Building back Miami’s Biscayne Bay: Do natural solutions hold hope?

“When pufferfish and barracudas turned up dead on the bay’s surface waters, citizens and research teams flocked to the bay to remove dead fish and collect data.

Among them was FIU’s Institute of Environment team. The CREST Center for Aquatic Chemistry and Environment deployed a research buoy that detected the bay’s high water temperatures and low dissolved oxygen levels, providing scientists with clues to the cause of the fish kill.

Gregory Murad Reis, an assistant professor at the Knight Foundation School of Computing and Information Sciences and researcher at FIU’s Institute of Environment, is part of a team using automated vessels, or remote-controlled robots, to collect data and learn more about Biscayne Bay’s habitats and hydrology.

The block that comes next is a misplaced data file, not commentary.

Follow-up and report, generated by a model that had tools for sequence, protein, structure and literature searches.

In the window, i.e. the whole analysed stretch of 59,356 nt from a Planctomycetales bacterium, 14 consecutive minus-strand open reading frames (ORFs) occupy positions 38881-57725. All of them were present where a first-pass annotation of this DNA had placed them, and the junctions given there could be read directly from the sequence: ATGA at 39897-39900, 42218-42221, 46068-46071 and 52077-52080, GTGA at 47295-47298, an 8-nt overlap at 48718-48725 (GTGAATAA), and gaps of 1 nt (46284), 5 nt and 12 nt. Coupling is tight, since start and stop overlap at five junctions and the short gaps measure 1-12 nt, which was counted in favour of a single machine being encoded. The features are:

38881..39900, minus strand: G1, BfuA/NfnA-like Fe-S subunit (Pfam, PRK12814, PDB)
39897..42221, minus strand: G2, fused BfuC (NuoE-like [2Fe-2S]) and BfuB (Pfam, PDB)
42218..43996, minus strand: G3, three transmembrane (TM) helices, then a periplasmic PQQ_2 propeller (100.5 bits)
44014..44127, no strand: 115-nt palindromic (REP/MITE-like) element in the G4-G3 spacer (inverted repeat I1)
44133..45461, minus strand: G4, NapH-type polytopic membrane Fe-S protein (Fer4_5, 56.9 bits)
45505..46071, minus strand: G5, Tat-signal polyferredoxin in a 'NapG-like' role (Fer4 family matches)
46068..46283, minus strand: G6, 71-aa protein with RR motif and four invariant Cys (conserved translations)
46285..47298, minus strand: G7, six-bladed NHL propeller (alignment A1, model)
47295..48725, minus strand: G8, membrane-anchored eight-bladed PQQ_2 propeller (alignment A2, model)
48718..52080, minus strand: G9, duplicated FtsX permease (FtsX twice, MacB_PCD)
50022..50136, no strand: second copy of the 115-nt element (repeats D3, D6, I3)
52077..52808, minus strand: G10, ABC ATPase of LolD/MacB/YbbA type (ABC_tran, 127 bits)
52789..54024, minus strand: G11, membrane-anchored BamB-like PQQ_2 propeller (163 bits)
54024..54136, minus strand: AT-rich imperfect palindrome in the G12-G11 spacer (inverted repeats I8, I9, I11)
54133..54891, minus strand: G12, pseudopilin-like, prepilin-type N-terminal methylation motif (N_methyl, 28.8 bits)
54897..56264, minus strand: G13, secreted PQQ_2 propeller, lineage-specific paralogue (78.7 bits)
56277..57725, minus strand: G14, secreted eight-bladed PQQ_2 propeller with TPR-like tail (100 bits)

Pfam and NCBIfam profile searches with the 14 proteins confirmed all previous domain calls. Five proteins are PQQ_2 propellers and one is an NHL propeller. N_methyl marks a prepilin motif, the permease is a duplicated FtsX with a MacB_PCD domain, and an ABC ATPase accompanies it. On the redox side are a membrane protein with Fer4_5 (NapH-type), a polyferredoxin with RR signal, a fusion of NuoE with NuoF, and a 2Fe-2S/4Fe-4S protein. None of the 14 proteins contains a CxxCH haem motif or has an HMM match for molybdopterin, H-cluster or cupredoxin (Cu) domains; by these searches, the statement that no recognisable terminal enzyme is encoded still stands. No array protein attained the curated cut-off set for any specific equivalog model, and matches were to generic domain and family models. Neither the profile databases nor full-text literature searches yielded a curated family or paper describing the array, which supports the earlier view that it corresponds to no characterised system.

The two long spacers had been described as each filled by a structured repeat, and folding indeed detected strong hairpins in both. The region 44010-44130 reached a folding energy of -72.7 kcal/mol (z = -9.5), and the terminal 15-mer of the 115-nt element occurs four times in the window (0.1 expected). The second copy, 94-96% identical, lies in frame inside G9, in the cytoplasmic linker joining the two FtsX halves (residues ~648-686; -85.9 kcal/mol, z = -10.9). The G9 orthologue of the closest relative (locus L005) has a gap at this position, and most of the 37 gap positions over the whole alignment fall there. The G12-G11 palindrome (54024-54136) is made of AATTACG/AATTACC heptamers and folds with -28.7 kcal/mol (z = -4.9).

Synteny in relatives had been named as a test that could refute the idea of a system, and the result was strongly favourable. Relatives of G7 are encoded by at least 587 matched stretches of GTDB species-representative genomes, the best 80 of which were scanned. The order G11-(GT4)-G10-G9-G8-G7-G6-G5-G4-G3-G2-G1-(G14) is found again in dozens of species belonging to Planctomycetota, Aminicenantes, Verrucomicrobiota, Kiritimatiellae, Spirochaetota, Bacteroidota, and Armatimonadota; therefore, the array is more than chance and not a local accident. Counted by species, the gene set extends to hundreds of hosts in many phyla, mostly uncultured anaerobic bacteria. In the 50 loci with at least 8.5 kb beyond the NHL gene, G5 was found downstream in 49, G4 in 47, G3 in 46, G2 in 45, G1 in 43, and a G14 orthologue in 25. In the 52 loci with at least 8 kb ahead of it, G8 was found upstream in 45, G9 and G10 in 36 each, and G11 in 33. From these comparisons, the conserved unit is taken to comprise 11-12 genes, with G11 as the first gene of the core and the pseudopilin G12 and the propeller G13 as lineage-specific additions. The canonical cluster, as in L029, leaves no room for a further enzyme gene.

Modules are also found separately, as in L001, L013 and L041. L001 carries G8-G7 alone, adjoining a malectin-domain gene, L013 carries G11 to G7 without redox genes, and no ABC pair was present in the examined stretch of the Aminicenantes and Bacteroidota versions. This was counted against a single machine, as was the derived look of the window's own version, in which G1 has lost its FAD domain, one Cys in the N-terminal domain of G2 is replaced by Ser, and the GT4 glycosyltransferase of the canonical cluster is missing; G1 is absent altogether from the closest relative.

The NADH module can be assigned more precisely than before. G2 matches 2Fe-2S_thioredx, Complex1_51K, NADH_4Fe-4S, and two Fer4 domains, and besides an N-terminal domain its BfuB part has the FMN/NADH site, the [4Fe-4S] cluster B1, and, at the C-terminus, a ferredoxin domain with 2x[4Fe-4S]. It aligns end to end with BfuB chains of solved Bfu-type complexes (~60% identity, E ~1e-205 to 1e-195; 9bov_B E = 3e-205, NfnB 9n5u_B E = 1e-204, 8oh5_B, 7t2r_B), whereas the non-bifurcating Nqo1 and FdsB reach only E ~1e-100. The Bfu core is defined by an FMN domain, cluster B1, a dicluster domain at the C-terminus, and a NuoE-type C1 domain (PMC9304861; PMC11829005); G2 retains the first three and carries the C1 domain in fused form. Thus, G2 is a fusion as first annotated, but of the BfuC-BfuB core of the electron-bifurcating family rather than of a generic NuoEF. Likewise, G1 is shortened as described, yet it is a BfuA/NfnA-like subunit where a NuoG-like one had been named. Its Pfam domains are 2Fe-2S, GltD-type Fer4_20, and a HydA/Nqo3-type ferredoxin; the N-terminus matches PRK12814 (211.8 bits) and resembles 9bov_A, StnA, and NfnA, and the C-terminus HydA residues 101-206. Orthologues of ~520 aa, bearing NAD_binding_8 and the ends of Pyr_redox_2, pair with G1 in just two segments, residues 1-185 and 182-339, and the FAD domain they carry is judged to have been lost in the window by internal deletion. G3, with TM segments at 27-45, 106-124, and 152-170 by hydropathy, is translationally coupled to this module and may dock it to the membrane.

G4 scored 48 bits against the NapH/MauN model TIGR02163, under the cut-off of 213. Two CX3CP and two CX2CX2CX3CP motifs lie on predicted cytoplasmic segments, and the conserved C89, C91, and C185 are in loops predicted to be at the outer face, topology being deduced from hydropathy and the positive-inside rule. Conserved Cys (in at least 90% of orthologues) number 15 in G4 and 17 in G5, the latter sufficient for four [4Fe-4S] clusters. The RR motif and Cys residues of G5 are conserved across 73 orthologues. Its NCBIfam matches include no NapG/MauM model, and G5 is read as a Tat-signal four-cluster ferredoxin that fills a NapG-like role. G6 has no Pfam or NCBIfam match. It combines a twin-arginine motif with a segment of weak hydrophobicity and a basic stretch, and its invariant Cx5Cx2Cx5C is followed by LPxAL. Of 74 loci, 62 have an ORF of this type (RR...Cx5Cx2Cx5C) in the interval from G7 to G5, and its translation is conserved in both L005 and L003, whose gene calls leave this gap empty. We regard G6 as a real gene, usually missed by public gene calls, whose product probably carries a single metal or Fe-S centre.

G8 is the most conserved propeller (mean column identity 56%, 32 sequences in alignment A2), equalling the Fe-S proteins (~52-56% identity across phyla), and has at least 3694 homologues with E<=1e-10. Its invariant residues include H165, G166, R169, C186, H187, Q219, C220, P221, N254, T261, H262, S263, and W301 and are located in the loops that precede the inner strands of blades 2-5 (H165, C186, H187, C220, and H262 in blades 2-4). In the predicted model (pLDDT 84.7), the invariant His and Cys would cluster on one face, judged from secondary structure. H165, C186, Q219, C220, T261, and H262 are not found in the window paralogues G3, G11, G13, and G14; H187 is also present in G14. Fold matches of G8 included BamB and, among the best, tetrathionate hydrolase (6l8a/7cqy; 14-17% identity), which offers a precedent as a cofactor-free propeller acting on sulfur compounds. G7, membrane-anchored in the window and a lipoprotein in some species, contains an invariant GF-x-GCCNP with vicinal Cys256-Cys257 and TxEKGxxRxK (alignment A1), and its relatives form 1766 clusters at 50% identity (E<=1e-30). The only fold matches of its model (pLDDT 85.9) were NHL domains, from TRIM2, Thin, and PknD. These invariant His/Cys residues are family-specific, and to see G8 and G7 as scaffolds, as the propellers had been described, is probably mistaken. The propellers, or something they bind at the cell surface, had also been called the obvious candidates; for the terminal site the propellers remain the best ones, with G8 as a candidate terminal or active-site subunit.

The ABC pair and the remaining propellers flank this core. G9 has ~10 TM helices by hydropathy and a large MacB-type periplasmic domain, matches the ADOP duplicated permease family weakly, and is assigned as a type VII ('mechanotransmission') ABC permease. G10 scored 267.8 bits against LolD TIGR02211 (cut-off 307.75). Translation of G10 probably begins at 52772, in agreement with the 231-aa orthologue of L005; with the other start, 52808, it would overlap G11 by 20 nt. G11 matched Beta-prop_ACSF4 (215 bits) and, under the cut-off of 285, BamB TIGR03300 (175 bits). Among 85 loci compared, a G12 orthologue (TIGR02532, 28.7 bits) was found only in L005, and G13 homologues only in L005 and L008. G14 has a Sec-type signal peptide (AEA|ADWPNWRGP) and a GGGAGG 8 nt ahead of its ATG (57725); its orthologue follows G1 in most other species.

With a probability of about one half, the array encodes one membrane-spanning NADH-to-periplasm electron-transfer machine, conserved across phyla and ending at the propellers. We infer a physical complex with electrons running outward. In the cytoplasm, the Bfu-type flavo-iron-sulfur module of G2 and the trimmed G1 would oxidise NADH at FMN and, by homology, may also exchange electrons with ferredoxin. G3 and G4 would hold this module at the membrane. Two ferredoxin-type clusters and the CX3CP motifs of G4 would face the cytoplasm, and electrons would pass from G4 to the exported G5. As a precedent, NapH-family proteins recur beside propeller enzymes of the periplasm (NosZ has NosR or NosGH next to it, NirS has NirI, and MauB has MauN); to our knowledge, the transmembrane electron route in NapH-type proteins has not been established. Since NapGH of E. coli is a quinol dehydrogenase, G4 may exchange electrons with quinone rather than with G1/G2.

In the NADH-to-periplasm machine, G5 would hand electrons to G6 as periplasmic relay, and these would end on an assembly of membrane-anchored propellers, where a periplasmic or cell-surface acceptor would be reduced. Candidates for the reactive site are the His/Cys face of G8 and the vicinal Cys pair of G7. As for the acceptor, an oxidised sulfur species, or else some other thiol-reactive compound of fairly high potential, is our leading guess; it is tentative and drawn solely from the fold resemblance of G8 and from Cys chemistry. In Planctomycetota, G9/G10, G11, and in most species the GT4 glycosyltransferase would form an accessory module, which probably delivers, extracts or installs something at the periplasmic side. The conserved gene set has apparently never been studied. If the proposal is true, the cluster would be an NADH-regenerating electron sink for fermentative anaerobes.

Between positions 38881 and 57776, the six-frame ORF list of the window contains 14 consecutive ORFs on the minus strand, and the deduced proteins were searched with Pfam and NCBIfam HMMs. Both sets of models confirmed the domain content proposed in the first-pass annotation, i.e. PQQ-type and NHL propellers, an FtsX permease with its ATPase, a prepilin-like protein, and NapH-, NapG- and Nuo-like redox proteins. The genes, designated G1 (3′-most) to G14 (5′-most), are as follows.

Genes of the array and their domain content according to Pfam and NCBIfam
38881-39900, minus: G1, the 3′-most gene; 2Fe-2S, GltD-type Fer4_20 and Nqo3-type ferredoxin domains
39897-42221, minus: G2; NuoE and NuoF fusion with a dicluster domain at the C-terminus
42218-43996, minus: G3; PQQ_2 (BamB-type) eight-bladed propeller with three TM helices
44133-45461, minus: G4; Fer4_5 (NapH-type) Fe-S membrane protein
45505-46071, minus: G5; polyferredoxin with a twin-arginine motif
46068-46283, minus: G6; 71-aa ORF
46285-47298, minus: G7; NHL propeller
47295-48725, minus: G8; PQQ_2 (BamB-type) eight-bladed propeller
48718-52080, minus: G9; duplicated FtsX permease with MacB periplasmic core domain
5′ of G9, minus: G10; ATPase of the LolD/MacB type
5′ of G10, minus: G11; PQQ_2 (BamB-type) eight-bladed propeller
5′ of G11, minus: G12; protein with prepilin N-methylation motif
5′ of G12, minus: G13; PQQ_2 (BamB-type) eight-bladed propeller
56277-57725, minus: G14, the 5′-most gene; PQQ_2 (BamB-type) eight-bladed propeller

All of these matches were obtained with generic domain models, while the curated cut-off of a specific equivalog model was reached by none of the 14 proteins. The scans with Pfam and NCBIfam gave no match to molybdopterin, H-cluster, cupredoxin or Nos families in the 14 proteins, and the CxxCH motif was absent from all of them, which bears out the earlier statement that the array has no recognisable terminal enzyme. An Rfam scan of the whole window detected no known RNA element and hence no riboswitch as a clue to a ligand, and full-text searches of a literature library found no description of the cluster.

An underwater vessel resembling a torpedo collects data on oceanic conditions at 1-second intervals as it moves through the water, including dissolved oxygen levels, temperature, salinity, blue-green algae and other parameters to measure water quality. It can also dive down to 200 meters (660 feet) deep, Reis said, and can be controlled manually or programmed to navigate the waters on its own.

Their surface vessel, on the other hand, uses remote sensing to help scientists construct maps of the seafloor, better understand water currents, take images of wildlife and collect water samples for lab analysis.”

Read more at Mongabay.

Building back Miami’s Biscayne Bay: Do natural solutions hold hope?
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